India’s Achievements in Renewable Energy

  • National Solar Mission (launched in 2010):
    • Initial target: 20 GW by 2022 (increased to 100 GW).
    • Achieved: 172 GW of renewable capacity by FY 2023 (126% rise since 2014).
    • India ranks 4th globally in installed renewable energy capacity.
  • Important Schemes:
    • Solar Parks Scheme (40 GW target)
    • PM-KUSUM Scheme (30.8 GW target)
    • Rooftop Solar (RTS) Phase-2 Scheme (4 GW target)
    • National Green Hydrogen Mission (NGHM) (5 MMTPA production capacity by 2030)

Challenges and Solutions

  • Intermittent nature of renewable sources (solar, wind).
  • Balancing electricity supply and demand.
  • Grid integration requires investment and upgrades.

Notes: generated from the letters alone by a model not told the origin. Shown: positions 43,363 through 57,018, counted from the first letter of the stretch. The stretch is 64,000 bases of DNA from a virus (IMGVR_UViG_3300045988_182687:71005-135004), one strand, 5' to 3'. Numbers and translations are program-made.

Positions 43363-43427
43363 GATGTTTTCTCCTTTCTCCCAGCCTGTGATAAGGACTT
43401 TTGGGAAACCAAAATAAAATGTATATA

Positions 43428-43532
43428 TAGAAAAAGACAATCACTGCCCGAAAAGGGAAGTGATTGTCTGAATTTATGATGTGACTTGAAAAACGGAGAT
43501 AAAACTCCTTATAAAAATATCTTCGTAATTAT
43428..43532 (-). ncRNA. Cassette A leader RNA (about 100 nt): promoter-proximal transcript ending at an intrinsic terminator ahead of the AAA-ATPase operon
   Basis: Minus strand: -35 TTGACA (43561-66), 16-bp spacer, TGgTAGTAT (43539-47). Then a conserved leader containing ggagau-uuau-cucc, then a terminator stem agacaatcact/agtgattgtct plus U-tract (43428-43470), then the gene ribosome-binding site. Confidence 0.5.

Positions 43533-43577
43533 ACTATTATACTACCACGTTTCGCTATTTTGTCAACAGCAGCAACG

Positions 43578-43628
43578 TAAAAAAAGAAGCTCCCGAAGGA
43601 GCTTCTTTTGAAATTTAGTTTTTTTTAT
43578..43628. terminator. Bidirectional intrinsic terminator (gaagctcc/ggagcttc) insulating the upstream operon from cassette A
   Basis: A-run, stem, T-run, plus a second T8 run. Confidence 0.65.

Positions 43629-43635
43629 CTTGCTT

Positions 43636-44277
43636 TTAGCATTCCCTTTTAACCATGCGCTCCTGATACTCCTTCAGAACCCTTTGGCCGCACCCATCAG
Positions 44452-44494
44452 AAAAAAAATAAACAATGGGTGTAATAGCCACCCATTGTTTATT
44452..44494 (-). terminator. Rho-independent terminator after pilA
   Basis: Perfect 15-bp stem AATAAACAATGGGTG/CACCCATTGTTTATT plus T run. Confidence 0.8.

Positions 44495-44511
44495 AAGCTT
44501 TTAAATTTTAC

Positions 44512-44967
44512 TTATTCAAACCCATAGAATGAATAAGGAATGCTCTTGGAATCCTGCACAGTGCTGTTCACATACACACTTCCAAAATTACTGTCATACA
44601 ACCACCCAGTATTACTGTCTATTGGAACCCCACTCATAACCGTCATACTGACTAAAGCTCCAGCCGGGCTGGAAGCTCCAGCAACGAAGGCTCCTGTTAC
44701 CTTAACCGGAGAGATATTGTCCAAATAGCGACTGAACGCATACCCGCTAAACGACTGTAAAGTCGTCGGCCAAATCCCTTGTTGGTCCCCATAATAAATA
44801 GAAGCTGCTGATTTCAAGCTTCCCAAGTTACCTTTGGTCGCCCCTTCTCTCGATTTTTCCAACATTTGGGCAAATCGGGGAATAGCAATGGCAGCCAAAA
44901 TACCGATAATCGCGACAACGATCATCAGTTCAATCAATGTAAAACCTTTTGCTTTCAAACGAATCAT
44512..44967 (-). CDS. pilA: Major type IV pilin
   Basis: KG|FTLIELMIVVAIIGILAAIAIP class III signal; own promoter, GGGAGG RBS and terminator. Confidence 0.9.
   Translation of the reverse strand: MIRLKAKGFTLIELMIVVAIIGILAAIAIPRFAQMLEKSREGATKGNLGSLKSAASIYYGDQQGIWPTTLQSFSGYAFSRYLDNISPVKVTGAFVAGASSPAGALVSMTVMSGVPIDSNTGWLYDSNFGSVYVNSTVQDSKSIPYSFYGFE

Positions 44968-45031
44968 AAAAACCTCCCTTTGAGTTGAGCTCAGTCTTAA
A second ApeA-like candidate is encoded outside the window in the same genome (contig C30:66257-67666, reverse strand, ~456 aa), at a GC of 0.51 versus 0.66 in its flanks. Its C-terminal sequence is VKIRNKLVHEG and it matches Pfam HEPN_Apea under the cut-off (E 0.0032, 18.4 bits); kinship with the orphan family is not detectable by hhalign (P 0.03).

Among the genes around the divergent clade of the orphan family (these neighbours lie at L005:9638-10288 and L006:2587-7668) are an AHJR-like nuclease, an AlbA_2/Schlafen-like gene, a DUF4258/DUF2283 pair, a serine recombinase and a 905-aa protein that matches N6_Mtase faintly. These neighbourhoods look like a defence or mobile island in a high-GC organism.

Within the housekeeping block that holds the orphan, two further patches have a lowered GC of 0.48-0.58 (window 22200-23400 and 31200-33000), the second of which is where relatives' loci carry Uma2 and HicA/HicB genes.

• Advanced energy storage solutions (batteries, pumped hydro).
  • Land availability for RE projects.
  • Regulatory issues (RPO compliance, tariff adoption, avoiding extra charges).
  • Transmission infrastructure needs improvement.

Economic and Environmental Benefits

  • Job creation, technological innovation, foreign investment.
  • Increased energy security and reduced vulnerability to market fluctuations.
  • Reduced carbon emissions, cleaner air, improved public health.

India’s Panchamrit Commitments at COP26

  • A roadmap to address climate change.


  • India’s shift to renewables is a commitment to a sustainable future.
  • By leading by example, India can inspire other nations to fight climate change.